Lines of Retzius
Striae of Retzius
Enamel, the hard protective substance that covers the crown of the tooth, is the hardest biologic tissue in the body. It consequently is able to resist fractures during the stress of mastication. Enamel provides shape and contour to the crowns of teeth and covers the part of the tooth that is exposed to the oral environment.
Enamel is composed of interlocking rods that resist masticatory forces. Enamel rods are deposited in a keyhole shape by the formative ameloblastic cells. Groups of ameloblasts migrate peripherally from the dentinoenamel junction as they form these rods. Ameloblasts take variable paths, which produces a bending of the rods. These cells maintain a relationship as they travel in different directions and produce adjacent rods. The enamel rod configuration viewed in incidental light appears as light and dark bands of rod groups termed Hunter-Schreger bands. Because these rods bend in an exaggerated, twisted manner at the cusp tips, they are called gnarled enamel.
All enamel rods are deposited at a daily appositional rate or increment of 4 μm. Such increments are noticeable, like rings in a cross section of a tree, and appear as dark lines known as striae of Retzius or lines of Retzius. The growth lines become apparent on the surface of enamel as ridges, known as perikymata. Two structures are noticeable at the dentinoenamel junction: spindles, the termination of the dentinal tubules in enamel, and tufts, hypocalcified zones caused by the bending of adjacent groups of rods.
Because enamel is composed of bending rods, which in turn are composed of crystals, minute spaces or gaps exist where crystals did not form between rods. This feature causes enamel to be variable in its density and hardness. Therefore some areas of enamel may be more prone to penetration by small particles. This characteristic leads to tooth destruction by dental caries. After enamel is completely formed, no more enamel can be deposited.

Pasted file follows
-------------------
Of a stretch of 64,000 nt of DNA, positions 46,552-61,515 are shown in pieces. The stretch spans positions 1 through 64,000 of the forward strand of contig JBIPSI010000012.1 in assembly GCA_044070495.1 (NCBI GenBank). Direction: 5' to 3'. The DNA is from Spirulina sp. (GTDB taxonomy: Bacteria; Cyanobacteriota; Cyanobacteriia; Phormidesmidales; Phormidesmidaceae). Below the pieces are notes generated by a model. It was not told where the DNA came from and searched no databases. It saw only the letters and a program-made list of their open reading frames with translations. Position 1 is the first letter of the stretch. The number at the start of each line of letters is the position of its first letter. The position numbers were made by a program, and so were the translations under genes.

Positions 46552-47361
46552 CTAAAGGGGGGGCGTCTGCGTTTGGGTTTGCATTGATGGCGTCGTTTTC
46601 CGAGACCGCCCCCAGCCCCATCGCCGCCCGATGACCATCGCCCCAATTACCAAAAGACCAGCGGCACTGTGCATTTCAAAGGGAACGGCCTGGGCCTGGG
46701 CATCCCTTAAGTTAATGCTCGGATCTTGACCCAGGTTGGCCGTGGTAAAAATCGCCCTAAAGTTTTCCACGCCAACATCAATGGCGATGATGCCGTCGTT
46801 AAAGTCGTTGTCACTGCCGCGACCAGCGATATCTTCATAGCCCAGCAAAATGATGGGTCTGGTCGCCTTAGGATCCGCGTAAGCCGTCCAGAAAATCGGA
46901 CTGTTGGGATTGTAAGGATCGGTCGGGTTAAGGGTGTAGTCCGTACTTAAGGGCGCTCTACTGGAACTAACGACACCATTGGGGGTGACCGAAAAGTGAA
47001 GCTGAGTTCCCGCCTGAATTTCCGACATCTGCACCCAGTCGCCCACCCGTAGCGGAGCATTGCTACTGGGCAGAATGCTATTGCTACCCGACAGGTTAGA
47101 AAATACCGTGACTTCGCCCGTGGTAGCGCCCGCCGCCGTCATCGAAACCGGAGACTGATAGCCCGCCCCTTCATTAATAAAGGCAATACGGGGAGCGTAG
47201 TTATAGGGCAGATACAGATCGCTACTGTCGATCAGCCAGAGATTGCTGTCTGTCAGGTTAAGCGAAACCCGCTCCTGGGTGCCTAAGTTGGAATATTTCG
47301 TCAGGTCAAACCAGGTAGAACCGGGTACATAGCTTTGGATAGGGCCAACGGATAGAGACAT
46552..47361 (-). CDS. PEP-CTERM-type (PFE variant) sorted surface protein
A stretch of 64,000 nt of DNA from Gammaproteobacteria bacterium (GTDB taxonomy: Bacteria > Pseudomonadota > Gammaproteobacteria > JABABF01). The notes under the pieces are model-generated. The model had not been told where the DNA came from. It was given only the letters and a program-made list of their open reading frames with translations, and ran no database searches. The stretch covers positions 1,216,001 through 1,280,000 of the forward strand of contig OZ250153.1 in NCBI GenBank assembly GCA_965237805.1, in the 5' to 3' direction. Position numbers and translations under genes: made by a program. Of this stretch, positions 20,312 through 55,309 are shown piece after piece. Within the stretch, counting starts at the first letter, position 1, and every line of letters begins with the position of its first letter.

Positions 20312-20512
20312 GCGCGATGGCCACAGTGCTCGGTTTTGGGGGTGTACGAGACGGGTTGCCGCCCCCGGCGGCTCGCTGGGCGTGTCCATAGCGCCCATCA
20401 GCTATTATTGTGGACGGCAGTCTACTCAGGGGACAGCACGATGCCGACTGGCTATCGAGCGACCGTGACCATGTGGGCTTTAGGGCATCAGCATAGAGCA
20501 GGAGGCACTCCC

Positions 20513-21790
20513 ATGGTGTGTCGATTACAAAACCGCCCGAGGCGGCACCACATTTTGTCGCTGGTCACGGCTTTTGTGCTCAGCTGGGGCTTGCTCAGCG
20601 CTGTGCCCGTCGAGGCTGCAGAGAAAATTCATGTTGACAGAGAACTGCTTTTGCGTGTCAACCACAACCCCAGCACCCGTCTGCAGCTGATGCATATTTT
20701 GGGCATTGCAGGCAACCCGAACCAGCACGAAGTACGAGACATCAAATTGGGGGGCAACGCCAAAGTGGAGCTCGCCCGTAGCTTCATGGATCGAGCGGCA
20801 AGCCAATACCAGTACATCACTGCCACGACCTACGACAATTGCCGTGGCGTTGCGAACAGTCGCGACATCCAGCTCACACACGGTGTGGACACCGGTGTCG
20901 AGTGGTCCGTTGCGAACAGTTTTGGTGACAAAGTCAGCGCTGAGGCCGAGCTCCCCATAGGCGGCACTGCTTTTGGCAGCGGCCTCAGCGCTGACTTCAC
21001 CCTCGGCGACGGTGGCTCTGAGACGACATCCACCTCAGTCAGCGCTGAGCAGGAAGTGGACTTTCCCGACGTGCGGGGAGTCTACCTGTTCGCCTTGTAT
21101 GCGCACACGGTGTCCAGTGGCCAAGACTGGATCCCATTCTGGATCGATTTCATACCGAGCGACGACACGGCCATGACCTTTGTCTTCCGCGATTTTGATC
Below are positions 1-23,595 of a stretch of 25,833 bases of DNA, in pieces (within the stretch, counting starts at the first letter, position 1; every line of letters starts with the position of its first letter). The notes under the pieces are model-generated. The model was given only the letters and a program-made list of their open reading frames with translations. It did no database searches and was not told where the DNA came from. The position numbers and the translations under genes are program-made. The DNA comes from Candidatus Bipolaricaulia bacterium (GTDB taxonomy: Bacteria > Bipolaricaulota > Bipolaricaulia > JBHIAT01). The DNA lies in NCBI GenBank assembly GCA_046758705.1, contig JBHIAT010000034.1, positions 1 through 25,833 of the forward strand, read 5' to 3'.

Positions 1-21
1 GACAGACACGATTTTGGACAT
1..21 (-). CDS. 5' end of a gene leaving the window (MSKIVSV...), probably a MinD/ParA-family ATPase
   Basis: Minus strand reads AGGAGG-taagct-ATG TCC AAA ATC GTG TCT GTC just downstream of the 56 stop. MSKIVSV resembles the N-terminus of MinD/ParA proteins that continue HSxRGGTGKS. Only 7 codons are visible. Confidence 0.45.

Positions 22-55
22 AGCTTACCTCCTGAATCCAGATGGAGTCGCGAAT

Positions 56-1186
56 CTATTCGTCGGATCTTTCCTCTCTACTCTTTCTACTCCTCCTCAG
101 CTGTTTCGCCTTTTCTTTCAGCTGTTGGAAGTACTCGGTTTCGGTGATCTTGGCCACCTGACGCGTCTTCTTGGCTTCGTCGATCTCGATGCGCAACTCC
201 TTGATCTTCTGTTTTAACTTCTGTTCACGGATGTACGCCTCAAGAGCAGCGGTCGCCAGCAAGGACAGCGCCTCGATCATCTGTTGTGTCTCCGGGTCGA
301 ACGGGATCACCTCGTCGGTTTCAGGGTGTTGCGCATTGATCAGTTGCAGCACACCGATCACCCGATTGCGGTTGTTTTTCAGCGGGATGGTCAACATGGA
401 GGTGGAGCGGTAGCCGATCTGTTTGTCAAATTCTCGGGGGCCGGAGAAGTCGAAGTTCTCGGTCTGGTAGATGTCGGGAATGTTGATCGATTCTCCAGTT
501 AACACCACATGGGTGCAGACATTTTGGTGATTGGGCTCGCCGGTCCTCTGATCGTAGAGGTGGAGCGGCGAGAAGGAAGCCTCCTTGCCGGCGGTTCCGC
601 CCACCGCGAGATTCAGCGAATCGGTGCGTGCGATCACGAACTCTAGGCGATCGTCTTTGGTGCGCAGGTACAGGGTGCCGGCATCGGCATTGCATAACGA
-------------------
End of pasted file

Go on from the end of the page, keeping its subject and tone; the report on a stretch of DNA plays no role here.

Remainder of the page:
Because enamel is very hard, it is also brittle and subject to fracture. Fracture is especially likely to occur if the underlying dentin is carious and has weakened the enamel’s foundation.
Enamel is about 96% inorganic mineral in the form of hydroxyapatite and 4% water and organic matter. Hydroxyapatite is a crystalline calcium phosphate that is also found in bone, dentin, and cementum. The organic component of enamel is the protein enamelin, which is similar to the protein keratin that is found in the skin. The distribution of enamelin between and on the crystals aids enamel permeability. Enamel is grayish white but appears slightly yellow because it is translucent, and the underlying dentin is yellowish. Enamel ranges in thickness from a knifelike edge at its cervical margin to about 2.5 mm maximum thickness over the occlusal incisal surface.
Enamel is composed of rods that extend from their site of origin, at the dentinoenamel junction, to the enamel outer surface (Fig. 7-1). Each rod is formed by four ameloblasts. One ameloblast forms the rod head; a part of two ameloblasts forms the neck; and the tail is formed by a fourth ameloblast. Fig. 7-2 shows the six-sided design that is the shape of the ameloblast in contact with the forming keyhole- or racquet-shaped rod, which is columnar in its long axis. The head of the enamel rod is the broadest part at 5 μm wide, and the elongated thinner portion, or tail, is about 1 μm wide. The rod, including both head and tail, is 9 μm long. The enamel rod is about the same size as a red blood cell (Fig. 7-3).
Each rod is filled with crystals. Those in the head follow the long axis of the rod, and those in the tail lie in the cross axis to the head (Figs. 7-4 and 7-5). The upper right rod head of Fig. 7-4 indicates how the mineral is oriented during the rod’s development, which forms the rod head and tail as seen on the left side of the figure. The architecture of the mineral orientation is complex, especially when viewed in any direction other than cross section (see Fig. 7-5).
Rods form nearly perpendicular to the dentinoenamel junction and curve slightly toward the cusp tip. This unique rod arrangement also undulates throughout the enamel to the surface. Each rod interdigitates with its neighbor, the head of one rod nestling against the necks of the rods to its left and right (see Fig. 7-3). The rods run almost perpendicular to the enamel />